Our sinful pride rejects God’s Word and seeks to deceive us so that we might not know ourselves as we are or know God as He has revealed Himself. God sees our true nature, and in Christ He reveals His nature, which is both just and gracious to us. For those who confess their sins, God is always faithful to His promise to forgive for Jesus’ sake.
St. John writes, “If we say we have fellowship with [God] while we walk in darkness, we lie and do not practice the truth. But if we walk in the light, as He is in the light, we have fellowship with one another, and the blood of Jesus His Son cleanses us from all sin. If we say we have no sin, we deceive ourselves, and the truth is not in us. If we confess our sins, He is faithful and just to forgive us our sins and to cleanse us from all unrighteousness” (1 John 1:5-9).
Out of love, the Lord God continues to call sinners to repent: “Where are you?” He, in effect, asks. “Why are you hiding from Me? Why are you trying to cover your sin and shame with your own insufficient garments? Look at your life and take stock according to My holy commandments. Where are you?”
“Do you fear, love, and trust in Me above all things? More than money? More than family? More than your hobbies and recreational activities?
“Do you use My name carelessly or fail to call upon it in prayer and praise?
“Do you regularly set aside time for gathering with fellow believers to reflect on My Word and receive My forgiveness through My means of grace?
“Do you honor obey your parents and the authorities I’ve placed over you?
“Do you treat others with kindness and compassion? Speak up for those unable to speak for themselves? Appreciate the value of every human life?
“Do you refrain from lustful desire or activity of any kind? Do you promote the sanctity of marriage as the lifelong union of one man and one woman?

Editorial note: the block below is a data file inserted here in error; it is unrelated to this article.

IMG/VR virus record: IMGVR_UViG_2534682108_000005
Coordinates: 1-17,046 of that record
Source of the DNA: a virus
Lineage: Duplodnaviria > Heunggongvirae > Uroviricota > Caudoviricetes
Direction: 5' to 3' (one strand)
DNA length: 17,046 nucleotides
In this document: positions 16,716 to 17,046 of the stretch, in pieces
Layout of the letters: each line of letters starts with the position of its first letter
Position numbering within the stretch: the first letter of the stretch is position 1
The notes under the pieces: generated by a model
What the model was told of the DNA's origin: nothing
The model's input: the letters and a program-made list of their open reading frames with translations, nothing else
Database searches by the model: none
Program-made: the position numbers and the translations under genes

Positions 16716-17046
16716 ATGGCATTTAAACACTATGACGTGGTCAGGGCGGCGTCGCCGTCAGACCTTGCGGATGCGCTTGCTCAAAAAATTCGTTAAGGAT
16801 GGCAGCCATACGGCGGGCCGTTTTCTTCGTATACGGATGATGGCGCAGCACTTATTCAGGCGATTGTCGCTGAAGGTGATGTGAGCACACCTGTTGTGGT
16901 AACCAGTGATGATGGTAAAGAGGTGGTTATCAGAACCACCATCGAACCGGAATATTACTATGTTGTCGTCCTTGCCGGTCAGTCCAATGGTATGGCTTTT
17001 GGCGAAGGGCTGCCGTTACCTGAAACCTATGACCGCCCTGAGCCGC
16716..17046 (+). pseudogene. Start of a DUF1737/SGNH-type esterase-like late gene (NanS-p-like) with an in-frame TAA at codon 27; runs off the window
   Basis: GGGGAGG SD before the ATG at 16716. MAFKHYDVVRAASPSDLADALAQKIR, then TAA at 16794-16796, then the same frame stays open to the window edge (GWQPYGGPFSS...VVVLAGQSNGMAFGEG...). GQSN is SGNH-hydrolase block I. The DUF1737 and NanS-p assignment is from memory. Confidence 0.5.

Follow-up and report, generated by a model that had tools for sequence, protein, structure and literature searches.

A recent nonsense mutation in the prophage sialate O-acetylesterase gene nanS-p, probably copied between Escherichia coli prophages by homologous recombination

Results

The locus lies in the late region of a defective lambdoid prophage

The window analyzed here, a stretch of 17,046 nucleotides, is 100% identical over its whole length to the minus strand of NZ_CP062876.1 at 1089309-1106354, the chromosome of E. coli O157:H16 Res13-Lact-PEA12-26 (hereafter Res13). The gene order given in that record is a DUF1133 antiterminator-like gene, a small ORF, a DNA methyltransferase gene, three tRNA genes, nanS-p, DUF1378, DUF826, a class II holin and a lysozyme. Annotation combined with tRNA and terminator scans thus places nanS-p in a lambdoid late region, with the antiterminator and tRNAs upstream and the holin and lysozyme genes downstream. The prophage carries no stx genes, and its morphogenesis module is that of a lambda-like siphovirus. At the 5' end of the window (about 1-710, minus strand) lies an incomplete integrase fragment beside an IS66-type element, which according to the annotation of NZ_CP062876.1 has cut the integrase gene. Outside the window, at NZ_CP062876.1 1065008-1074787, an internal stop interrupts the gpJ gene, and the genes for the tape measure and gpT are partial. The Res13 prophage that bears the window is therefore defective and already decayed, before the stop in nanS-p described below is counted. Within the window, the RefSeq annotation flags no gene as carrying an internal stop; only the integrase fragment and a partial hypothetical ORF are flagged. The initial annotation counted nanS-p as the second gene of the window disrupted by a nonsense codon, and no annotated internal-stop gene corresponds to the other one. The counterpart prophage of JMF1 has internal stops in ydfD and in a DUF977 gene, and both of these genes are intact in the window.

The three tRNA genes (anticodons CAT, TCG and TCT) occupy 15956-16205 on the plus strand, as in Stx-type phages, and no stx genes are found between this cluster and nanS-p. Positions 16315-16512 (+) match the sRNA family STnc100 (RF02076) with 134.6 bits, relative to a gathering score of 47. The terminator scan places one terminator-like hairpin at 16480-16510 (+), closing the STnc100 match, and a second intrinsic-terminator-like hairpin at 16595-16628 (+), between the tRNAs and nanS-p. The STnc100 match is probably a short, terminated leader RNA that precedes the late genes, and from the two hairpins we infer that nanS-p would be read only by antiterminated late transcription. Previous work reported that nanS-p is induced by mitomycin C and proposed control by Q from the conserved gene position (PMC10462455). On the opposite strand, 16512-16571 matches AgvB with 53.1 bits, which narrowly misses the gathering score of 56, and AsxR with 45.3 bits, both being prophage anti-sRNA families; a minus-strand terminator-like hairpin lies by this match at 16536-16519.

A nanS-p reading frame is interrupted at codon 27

“Do you deal honestly with everyone? Are you a good steward of the gifts that I have provided for the good of your family, others in need, and your church? Do you help to protect and care for the earthly goods of your neighbor?
“Have you gossiped or betrayed your neighbor by making public their private faults or secrets? Do you always put the best construction on others’ words, actions, and motives? Do you seek to build up your neighbor’s reputation?
“Are you always satisfied and content with the gifts that I have given you?”
“Where are you?”
An honest examination of your life in the light of God’s Law will show that you are by nature sinful and unclean. You have sinned against God in thought, word, and deed, by what you have done and by what you have left undone. You have not loved God with your whole heart; you have not loved your neighbors as yourself. You justly deserve God’s present and eternal punishment.
But you need not run and hide. You need not try to cover your own sin and shame. On the cross, Christ paid for every single sin committed from the first sin in the garden to the last sin on the day of Christ’s return. He redeemed you, a lost and condemned person, purchased and won you from all sins, from death, and from the power of the devil; not with gold or silver, but with His holy, precious blood and with His innocent suffering and death, that you may be His own and live under Him in His kingdom and serve Him in everlasting righteousness, innocence, and blessedness, just as He is risen from the dead, lives and reigns to all eternity.
Where are you?
You’re in God’s kingdom. You’re one of His beloved children. You don’t run and hide. You joyfully come into His presence with contrition and faith. Led by God’s Holy Spirit, you pray with your fellow sinners: For the sake of Your Son, Jesus Christ, have mercy on us. Forgive us, renew us, and lead us, so we may delight in Your will and walk in Your ways to the glory of Your holy name.
Having confessed your sin, you hear words of absolution from the mouth of God’s called and ordained servant of the Word: In the stead and by the command of my Lord Jesus Christ, I forgive you all your sins in the name of the Father and of the Son and of the Holy Spirit. Amen
Unless otherwise indicated, all Scripture quotations are from the Holy Bible, English Standard Version, copyright © 2001 by Crossway Bibles, a publishing ministry of Good News Publishers. Used by permission. All rights reserved.